Kaikohe the next international cultural tourism destination
Kaikohe the next major international cultural tourism destination
Kaikohe has the potential to be a major centre of cultural tourism by virtue of its central locality and rich history. On Sunday afternoon over 20 people braved the weather to attend a public meeting held at the Kaikohe RSA to further discuss a proposal to build a pā as a tourist a tourist attraction in Kaikohe. It was pleasing to see a lot of young people at the meeting, including some who had hands on experience with the Te Hana Community Development Charitable Trust.
In Te Hana, the 17th century traditional Māori village, Cultural Tourism and Education Centre has provided educational courses for youth from Te Hana, Wellsford and the wider Rodney area. The courses have been running for two years and the positive outcomes and successes are outstanding. Local police anecdotally report a 90% reduction in petty crime and fully support the initiative. Currently 130 students attend classes in carving, weaving, horticulture, computing and radio broadcasting. The courses are facilitated by North Tec and Te Waananga o Aotearoa.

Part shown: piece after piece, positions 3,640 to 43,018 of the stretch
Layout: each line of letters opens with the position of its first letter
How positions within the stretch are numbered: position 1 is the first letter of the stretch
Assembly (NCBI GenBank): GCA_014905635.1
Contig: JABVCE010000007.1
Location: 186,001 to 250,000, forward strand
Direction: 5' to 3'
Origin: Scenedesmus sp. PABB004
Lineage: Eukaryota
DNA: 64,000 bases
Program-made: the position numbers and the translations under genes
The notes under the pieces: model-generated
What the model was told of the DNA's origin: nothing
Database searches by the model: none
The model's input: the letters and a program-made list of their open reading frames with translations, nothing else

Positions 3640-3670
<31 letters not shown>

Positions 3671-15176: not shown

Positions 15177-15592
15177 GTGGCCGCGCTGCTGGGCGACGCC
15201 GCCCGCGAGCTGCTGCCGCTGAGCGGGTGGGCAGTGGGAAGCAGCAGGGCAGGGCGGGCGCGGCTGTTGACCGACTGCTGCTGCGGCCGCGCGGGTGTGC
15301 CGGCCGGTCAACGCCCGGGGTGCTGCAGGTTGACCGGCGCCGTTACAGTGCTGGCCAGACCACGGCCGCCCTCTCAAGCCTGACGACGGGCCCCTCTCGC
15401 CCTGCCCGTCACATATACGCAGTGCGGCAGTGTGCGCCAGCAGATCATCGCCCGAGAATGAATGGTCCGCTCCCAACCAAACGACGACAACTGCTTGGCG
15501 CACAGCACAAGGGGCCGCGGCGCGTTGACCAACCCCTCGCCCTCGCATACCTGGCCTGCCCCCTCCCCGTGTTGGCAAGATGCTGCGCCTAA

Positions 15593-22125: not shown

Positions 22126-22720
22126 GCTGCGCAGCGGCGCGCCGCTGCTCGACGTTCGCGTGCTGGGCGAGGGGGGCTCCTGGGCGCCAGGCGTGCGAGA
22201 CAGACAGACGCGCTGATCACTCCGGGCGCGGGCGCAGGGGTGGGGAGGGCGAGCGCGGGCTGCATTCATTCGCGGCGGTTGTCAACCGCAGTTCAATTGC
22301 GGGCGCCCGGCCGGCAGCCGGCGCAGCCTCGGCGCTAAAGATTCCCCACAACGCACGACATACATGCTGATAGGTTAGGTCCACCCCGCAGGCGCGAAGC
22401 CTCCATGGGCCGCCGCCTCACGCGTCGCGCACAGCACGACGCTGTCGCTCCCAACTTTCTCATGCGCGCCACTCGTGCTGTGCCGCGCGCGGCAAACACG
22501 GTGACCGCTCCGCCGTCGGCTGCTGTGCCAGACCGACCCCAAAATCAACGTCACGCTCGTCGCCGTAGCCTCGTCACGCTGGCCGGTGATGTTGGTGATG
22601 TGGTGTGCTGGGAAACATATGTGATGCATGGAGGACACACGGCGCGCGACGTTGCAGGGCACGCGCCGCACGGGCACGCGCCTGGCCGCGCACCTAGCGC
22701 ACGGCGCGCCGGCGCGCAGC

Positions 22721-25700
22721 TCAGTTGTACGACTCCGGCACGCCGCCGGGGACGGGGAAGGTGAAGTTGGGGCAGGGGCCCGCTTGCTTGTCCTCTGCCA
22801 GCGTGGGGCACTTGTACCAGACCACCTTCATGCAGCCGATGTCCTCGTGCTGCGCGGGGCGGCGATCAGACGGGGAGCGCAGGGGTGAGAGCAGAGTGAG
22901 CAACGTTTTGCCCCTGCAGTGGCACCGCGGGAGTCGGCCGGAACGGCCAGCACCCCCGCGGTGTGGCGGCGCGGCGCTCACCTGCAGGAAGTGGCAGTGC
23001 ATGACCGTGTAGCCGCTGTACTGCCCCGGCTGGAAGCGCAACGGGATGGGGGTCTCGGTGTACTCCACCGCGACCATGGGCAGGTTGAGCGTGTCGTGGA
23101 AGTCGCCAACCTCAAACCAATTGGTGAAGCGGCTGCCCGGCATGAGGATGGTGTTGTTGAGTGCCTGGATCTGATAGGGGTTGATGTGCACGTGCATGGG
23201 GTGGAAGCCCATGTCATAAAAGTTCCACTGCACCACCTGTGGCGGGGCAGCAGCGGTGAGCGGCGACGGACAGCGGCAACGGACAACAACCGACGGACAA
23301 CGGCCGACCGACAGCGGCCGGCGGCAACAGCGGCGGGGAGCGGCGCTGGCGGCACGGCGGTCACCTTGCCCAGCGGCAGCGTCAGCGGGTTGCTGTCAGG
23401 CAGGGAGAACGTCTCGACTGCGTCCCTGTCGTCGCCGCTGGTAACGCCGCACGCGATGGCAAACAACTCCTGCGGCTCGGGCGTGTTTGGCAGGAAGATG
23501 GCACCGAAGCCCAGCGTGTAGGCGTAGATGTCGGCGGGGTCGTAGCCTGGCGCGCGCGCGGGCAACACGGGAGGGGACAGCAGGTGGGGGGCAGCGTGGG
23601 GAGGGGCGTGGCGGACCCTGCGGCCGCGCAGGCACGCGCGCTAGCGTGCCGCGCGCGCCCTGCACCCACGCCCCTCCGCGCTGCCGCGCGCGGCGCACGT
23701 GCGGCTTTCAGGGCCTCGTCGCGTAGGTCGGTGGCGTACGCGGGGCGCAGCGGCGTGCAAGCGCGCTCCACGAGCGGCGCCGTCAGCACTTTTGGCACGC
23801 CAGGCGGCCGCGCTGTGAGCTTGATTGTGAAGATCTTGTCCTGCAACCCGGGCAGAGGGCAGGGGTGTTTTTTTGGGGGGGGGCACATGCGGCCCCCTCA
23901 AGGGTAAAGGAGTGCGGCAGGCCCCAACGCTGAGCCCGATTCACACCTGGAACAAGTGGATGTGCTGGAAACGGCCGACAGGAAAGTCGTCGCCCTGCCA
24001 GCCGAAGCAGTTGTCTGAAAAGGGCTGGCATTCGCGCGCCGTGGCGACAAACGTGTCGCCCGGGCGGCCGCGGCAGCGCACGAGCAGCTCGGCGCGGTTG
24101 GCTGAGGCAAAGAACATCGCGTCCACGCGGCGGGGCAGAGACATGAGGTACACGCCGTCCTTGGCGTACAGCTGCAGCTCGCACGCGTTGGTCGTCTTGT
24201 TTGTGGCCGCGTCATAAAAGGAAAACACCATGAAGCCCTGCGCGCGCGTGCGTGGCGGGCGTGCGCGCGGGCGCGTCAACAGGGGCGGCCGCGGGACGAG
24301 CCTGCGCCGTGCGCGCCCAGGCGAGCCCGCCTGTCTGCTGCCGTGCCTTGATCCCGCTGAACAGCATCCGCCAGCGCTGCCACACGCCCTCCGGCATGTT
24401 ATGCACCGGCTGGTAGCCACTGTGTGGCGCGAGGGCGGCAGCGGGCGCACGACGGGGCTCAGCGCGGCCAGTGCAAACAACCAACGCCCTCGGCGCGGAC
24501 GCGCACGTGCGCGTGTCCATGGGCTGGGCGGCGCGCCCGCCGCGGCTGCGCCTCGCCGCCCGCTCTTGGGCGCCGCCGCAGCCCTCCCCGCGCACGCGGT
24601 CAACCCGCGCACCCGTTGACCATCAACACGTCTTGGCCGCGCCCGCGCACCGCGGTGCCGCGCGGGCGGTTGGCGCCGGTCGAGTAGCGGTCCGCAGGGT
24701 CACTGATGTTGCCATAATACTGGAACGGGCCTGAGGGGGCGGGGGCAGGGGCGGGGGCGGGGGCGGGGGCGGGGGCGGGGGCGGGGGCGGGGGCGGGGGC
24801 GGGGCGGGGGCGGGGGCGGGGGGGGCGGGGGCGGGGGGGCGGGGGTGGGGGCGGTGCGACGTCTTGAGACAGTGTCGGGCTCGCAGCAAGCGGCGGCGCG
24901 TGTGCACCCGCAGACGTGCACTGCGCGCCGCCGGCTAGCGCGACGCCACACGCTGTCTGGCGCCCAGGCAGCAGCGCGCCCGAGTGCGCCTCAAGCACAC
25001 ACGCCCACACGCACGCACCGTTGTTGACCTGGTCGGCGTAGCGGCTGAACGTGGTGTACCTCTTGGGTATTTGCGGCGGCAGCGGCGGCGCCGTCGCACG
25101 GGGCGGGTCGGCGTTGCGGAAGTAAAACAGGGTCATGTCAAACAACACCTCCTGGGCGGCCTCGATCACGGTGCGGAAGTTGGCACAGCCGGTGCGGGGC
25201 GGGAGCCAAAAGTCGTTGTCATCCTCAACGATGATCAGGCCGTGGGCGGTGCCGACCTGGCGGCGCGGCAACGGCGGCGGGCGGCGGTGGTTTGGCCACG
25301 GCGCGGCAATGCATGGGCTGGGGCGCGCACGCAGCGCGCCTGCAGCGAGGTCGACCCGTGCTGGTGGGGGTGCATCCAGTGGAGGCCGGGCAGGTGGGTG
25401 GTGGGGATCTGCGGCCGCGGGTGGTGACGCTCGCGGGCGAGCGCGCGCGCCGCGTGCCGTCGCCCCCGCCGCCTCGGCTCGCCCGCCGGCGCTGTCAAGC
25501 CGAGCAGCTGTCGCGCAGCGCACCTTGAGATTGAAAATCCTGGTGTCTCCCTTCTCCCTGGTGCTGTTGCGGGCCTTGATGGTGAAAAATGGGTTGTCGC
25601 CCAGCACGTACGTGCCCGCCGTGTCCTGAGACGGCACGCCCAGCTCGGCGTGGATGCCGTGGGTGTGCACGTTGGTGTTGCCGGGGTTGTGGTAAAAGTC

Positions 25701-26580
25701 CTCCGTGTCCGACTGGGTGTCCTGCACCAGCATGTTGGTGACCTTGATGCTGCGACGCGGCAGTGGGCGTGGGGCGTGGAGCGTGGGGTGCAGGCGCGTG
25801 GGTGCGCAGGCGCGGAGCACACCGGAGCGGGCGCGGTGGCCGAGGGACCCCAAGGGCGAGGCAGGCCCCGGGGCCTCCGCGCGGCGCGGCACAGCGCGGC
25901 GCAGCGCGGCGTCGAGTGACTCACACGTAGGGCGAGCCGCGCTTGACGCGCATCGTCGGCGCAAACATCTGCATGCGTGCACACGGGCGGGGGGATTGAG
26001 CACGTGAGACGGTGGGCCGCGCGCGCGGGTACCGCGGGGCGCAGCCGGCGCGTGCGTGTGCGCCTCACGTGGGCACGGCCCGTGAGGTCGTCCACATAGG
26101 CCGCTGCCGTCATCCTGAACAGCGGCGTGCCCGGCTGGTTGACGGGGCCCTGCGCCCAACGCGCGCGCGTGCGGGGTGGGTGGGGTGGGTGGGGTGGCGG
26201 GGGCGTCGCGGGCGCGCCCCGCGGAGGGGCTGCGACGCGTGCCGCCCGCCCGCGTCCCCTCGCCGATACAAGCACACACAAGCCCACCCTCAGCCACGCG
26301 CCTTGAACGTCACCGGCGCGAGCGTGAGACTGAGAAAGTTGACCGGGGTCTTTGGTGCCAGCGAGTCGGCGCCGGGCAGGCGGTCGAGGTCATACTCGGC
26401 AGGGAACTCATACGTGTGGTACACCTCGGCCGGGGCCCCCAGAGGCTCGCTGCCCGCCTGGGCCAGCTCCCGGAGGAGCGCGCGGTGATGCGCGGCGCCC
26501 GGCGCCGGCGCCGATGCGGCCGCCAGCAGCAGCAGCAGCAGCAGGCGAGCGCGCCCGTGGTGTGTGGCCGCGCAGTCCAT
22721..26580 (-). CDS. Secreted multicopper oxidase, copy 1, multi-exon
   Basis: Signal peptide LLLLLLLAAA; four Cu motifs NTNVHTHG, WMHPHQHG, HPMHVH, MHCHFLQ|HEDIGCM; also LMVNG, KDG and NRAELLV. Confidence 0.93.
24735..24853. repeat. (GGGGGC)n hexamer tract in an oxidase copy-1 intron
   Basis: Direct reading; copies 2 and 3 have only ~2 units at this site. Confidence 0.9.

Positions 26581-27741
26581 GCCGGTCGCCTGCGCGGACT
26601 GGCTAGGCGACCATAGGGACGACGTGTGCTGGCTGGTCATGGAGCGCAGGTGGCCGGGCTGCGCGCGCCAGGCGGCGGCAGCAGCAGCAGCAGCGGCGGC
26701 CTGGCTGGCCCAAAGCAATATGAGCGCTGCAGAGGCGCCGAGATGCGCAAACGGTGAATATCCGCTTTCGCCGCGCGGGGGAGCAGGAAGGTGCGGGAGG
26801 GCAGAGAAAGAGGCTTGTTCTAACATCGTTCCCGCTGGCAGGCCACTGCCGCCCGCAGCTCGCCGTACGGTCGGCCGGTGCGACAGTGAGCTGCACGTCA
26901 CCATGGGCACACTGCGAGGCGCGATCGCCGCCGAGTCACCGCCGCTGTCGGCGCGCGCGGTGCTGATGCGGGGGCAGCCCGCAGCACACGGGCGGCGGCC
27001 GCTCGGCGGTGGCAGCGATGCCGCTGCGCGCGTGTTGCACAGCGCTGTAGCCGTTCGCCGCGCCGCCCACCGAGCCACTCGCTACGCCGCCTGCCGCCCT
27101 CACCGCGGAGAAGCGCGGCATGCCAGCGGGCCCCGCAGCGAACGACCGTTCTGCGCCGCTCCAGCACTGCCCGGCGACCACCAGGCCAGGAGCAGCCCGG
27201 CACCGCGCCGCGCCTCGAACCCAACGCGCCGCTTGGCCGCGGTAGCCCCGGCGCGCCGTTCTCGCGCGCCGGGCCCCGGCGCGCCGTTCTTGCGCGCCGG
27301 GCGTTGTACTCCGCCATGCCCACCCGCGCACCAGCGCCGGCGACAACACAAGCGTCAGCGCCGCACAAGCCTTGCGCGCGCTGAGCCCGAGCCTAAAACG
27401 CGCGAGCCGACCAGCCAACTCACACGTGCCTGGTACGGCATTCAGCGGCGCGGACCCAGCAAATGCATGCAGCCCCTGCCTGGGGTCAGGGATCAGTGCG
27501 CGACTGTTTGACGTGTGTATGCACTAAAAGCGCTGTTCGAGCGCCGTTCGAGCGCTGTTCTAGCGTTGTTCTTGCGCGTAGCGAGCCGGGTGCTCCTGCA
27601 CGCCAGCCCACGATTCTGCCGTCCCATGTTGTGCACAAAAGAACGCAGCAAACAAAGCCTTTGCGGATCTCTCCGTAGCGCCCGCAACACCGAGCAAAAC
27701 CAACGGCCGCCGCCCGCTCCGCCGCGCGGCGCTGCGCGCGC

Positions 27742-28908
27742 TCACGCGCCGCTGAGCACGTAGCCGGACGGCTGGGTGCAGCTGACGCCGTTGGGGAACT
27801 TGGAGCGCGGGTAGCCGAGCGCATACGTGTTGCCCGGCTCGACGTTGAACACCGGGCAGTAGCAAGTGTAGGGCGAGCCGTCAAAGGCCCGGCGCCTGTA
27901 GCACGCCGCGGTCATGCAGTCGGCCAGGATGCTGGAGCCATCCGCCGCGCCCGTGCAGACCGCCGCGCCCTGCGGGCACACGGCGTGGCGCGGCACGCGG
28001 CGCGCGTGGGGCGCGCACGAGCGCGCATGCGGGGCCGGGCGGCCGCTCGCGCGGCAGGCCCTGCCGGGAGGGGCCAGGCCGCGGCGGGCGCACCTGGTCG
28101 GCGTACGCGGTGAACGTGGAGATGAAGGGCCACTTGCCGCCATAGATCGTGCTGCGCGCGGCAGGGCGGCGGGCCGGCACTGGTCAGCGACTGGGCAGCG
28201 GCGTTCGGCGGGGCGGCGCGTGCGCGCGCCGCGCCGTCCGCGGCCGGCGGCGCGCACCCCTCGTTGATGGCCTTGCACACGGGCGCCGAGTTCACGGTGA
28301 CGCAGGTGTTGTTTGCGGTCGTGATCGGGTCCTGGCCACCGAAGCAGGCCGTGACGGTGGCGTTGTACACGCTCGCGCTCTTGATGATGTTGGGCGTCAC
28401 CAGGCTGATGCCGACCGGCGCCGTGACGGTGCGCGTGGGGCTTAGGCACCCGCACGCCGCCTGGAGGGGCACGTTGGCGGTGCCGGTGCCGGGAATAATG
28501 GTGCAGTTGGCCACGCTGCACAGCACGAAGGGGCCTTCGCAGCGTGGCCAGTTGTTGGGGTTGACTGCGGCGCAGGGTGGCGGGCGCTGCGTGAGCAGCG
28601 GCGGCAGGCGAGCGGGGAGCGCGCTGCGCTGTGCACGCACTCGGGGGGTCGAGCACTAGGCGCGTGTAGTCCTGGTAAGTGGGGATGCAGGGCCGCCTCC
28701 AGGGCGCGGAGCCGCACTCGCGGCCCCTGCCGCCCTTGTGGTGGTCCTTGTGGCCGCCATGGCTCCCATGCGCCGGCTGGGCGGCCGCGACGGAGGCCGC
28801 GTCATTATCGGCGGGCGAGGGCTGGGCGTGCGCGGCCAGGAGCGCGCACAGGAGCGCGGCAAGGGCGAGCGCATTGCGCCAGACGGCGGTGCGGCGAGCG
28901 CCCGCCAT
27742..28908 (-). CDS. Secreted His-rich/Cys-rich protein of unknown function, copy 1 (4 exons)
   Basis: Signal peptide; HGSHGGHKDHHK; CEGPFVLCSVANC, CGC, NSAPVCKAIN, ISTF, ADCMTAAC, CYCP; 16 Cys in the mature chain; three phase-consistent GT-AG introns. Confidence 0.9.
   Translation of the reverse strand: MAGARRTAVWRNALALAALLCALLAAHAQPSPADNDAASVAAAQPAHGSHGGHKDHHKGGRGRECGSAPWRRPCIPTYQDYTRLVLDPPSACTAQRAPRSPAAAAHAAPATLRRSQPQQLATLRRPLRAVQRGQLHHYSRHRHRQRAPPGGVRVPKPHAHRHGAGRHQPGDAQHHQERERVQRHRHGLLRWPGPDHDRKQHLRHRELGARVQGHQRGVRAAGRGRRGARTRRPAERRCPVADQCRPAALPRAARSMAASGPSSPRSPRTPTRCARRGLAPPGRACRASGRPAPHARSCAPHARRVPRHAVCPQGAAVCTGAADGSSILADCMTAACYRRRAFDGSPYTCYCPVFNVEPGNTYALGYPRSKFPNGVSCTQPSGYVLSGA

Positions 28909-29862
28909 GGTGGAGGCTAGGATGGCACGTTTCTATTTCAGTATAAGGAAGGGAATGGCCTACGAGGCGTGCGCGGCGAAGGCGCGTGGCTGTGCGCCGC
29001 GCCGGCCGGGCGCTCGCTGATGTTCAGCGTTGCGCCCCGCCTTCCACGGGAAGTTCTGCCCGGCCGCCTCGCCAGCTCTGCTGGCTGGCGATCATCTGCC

The point of difference with the Kaikohe proposal is that it is not a 17th century Māori village. The proposal is a reconstruction of the formidable fighting pā of the 19th century, never encountered before by the imperial troops of the British Empire. History records that the famous Ruapekapeka pā was deliberately designed to lure the imperial troops deep inland from the Bay of Islands. This proposed tourist attraction seeks the same objective, to lure tourists inland. Tourism could become Kaikohe’s next big export market, creating employment opportunities and improved social outcomes.
The proposal raises practical concerns and cultural issues which need to be thoroughly assessed before going to far down the track. Other exciting proposals and activities are in the making. A local tourism board could be set up to address these matters and to encourage local owner operators to participate in this growing market. It was noted that without support from local kaumatua and kuia the project could falter but if kotahitanga (unity) is achieved many benefits could flow on to directly uplift the community. The proposed tourism board would be community owned and driven while capitalizing on relationships with outside expertise in the tourism sector. The purpose of the local tourism board would be to encourage the development of a cluster of Māori and cultural tourism operators and associated stakeholders in Kaikohe for their mutual support, sustainable development, and the wider socio-economic benefit of Kaikohe.